This is a reprinting of a column I wrote for the May 11, 2007, Journal-Express. It is still one of the best memories I have of Louise Kuntz and I consider it one of the best columns I've ever written. I called it “Nothing like a little bird to make me feel like a big chicken.”
Look, up on the ceiling! It's a bird! It's a...well, actually, it's just a bird.
When I got to work Monday morning, I found a nice little lake in the basement. Luckily, the water did not reach our archives, but there was still quite a mess.
We got it cleaned up, but to do so, we had to leave a back door open to pump the water out. My guess is that this is how this whole thing happened.
On Wednesday, I decided to go downstairs to see how things were looking (and smelling). As I was strolling back toward the office that flooded, out of nowhere, a bird flies right at my head.
I screamed like a little girl. But seriously, this thing had huge fangs and rabid drool, dripping to the floor. Demonic yellow eyes glared at me as he swooped down, gunning for my forehead. If I had not ducked and cowered like a wimp, I'm sure it would have pecked my eyes out. Or, at least knocked my glasses off.
It flew upstairs, and sure enough, in an office full of women, I was the only one who really shrieked in fear. It made way for the ad office. I shut the door to my office. I didn't want that thing around my stuff.
Then, I cowboyed up and grabbed a broom. I think it was at this point when Louise Kuntz, our 74-year-plus-old helper, came to see what was going on. I told her the whole story.
“It came right at me, Louise,” I said. She scoffed. This five-foot, 100-pound woman scoffed at me and went after the bird.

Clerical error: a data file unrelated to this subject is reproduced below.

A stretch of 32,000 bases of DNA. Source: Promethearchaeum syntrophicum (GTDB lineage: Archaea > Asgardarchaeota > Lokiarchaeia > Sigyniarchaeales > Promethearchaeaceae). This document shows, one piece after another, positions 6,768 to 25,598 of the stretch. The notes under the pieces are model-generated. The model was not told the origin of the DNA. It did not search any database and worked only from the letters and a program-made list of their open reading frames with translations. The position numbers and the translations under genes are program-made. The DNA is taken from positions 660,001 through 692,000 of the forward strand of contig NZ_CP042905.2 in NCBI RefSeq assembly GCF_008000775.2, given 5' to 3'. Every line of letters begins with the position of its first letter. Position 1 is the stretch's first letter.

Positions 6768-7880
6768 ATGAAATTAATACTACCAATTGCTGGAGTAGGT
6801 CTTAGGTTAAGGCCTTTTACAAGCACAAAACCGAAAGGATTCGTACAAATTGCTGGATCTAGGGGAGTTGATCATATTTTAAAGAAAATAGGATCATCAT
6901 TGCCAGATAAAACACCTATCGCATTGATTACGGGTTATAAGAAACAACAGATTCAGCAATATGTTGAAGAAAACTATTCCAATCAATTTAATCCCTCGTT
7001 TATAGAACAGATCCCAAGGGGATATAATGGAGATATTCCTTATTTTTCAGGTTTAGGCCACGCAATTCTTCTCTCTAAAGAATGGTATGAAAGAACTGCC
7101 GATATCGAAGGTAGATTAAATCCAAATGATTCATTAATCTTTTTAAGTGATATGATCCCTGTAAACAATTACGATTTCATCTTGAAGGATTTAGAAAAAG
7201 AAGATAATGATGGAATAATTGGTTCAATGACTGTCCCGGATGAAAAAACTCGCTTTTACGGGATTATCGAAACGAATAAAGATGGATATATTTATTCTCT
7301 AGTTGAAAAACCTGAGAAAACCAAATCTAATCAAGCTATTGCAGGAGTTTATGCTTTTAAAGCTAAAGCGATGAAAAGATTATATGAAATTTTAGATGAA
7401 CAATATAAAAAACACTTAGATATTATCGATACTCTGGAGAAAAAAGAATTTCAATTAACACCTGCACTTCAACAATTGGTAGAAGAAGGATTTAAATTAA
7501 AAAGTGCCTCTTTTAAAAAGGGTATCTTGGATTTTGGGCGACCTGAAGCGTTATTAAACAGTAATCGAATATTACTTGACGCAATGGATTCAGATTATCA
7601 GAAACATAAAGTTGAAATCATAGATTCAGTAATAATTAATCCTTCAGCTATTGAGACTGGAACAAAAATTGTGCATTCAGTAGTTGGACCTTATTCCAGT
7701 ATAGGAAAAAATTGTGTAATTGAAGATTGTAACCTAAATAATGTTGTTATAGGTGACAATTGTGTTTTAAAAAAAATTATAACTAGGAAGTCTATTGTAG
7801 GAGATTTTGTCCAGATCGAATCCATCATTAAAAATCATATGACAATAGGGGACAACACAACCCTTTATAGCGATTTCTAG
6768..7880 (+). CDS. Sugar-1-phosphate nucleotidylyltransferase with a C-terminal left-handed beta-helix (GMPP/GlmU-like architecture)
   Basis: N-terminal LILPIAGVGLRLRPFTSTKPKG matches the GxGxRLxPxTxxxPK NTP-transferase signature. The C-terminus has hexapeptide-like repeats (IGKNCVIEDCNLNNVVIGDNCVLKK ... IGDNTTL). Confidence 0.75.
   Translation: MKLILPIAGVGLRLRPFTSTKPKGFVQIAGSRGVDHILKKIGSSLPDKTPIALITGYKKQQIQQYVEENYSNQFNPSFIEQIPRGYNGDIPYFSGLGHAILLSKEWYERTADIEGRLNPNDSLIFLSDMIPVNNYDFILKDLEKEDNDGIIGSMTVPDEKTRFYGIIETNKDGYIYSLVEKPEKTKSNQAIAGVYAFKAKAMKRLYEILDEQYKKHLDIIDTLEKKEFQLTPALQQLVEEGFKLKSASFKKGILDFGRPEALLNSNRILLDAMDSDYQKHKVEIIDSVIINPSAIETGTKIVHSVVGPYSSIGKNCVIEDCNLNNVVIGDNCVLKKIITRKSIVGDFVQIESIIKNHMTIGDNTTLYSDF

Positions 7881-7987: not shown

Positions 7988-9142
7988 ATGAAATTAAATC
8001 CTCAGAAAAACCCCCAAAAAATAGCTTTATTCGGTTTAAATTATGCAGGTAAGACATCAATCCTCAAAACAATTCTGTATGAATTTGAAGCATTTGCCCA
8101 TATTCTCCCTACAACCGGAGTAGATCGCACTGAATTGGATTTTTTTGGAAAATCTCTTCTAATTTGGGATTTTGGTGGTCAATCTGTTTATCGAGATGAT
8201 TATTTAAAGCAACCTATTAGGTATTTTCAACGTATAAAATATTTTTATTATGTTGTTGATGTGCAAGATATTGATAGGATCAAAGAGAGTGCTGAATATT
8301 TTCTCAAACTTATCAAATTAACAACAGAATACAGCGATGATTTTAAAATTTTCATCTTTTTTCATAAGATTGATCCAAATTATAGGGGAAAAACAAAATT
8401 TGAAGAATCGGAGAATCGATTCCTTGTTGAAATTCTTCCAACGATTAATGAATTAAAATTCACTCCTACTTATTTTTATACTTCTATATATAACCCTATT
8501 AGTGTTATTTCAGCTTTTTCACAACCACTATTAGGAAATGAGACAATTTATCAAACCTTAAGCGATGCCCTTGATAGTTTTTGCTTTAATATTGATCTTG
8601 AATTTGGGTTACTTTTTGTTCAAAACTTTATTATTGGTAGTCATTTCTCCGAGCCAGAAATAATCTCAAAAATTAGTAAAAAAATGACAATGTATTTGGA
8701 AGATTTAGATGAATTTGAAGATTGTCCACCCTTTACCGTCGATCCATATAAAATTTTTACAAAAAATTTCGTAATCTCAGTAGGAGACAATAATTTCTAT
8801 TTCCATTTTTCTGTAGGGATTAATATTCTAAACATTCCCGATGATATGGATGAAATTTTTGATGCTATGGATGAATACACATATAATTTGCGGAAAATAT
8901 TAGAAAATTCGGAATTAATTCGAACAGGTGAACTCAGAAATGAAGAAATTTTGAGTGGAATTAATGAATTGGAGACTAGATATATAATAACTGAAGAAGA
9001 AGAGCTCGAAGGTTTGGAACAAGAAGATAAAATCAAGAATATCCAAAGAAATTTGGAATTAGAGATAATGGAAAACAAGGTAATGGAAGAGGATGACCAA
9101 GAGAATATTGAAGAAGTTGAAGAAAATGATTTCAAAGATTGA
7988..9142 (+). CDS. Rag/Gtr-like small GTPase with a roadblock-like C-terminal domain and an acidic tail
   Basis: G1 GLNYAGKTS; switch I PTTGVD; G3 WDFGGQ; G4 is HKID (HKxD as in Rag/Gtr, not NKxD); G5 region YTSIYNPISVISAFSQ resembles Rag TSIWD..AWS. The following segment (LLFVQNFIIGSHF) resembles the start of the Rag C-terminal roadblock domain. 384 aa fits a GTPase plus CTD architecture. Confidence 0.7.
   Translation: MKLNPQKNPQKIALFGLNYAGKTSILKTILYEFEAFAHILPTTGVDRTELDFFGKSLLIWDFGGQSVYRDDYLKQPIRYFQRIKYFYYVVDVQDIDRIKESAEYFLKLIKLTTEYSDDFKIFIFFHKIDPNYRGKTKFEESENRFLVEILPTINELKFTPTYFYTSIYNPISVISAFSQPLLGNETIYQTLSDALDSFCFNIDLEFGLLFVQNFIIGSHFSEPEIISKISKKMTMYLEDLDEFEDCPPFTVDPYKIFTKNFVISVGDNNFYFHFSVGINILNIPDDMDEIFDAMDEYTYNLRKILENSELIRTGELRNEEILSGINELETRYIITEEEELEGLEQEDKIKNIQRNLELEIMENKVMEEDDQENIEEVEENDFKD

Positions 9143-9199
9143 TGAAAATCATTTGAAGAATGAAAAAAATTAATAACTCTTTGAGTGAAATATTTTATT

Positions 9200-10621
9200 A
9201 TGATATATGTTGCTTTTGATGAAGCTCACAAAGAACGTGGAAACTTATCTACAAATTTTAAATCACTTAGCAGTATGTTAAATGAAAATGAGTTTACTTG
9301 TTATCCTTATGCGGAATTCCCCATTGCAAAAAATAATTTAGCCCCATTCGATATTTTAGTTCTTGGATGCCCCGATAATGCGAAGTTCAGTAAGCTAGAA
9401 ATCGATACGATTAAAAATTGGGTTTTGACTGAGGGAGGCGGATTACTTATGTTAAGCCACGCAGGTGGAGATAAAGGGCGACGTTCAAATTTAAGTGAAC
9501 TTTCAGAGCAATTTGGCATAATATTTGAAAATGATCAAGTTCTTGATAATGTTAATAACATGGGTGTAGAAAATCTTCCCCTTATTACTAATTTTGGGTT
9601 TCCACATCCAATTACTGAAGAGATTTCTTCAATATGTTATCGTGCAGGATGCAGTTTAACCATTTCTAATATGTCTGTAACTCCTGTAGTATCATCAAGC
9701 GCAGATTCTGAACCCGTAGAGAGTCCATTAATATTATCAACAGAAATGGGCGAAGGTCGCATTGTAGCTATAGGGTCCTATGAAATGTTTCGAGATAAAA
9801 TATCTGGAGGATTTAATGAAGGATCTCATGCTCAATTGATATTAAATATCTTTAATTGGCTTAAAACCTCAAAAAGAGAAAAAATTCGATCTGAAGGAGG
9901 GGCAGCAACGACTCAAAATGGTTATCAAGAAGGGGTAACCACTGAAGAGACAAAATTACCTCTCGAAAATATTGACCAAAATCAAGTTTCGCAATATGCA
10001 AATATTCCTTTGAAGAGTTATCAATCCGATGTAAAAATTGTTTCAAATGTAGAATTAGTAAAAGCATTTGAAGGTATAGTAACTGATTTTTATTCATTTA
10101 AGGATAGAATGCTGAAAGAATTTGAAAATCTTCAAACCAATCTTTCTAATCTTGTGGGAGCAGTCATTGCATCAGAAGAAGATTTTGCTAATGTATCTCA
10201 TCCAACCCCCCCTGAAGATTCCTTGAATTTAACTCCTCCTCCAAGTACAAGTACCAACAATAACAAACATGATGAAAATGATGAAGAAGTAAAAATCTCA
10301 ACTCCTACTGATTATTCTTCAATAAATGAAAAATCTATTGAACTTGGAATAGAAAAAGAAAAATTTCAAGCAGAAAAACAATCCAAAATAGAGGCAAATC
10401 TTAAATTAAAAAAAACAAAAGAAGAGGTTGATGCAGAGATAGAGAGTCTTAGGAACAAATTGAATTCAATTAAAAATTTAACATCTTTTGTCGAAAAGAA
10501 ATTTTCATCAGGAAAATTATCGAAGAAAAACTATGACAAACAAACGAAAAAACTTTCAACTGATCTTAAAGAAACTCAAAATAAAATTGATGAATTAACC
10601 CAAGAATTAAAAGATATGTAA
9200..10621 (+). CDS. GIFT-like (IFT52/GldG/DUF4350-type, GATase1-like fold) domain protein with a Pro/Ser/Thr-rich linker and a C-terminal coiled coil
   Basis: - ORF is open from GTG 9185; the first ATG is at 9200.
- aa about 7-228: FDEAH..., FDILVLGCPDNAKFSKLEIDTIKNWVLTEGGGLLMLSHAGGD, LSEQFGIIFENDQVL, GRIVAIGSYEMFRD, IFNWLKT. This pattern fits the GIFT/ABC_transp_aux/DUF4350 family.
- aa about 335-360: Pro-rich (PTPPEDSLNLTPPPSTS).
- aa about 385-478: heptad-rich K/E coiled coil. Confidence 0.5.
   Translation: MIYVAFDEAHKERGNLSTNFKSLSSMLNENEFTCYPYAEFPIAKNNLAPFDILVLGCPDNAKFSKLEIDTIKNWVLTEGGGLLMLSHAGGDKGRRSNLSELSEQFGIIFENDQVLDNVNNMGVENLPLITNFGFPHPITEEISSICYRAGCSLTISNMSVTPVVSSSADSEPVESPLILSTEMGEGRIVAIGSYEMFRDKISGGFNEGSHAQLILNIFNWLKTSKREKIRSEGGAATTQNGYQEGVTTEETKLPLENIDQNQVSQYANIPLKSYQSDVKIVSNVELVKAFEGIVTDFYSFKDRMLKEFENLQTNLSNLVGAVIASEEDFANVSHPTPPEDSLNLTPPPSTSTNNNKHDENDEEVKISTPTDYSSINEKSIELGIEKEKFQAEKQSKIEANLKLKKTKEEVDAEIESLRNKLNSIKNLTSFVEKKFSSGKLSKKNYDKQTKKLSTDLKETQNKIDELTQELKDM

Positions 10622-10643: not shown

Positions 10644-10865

She caught it, with some help. She wrapped him up in paper towels and started carrying him to the door.
“Look at that,” she said, “it's just a little swallow.”
“I don't care. I wasn't expecting that thing to come at my head,” I told her. Again, she laughed at me, and I think I heard her call me “pansy” under her breath.
She set the bird outside and eventually it flew away. No animals appear to have been harmed in the making of this column.
It looked bigger and scarier in the gloomy bowels of 122 East Robinson. Sure, it looks like a helpless little bird in broad daylight, with a lot of people around, but when it was just the bird and I, it showed its dark side.
Which brings me to my point. Things can always take you by surprise and it's natural to react with fear and hesitation. Just as I was about to step up and solve the problem, someone older, wiser and more willing to touch wild animals beat me to it. You can't always be afraid to go at things head on and at the same time, don't be afraid to ask for, and accept, help.
Take care of yourself and thank you for reading.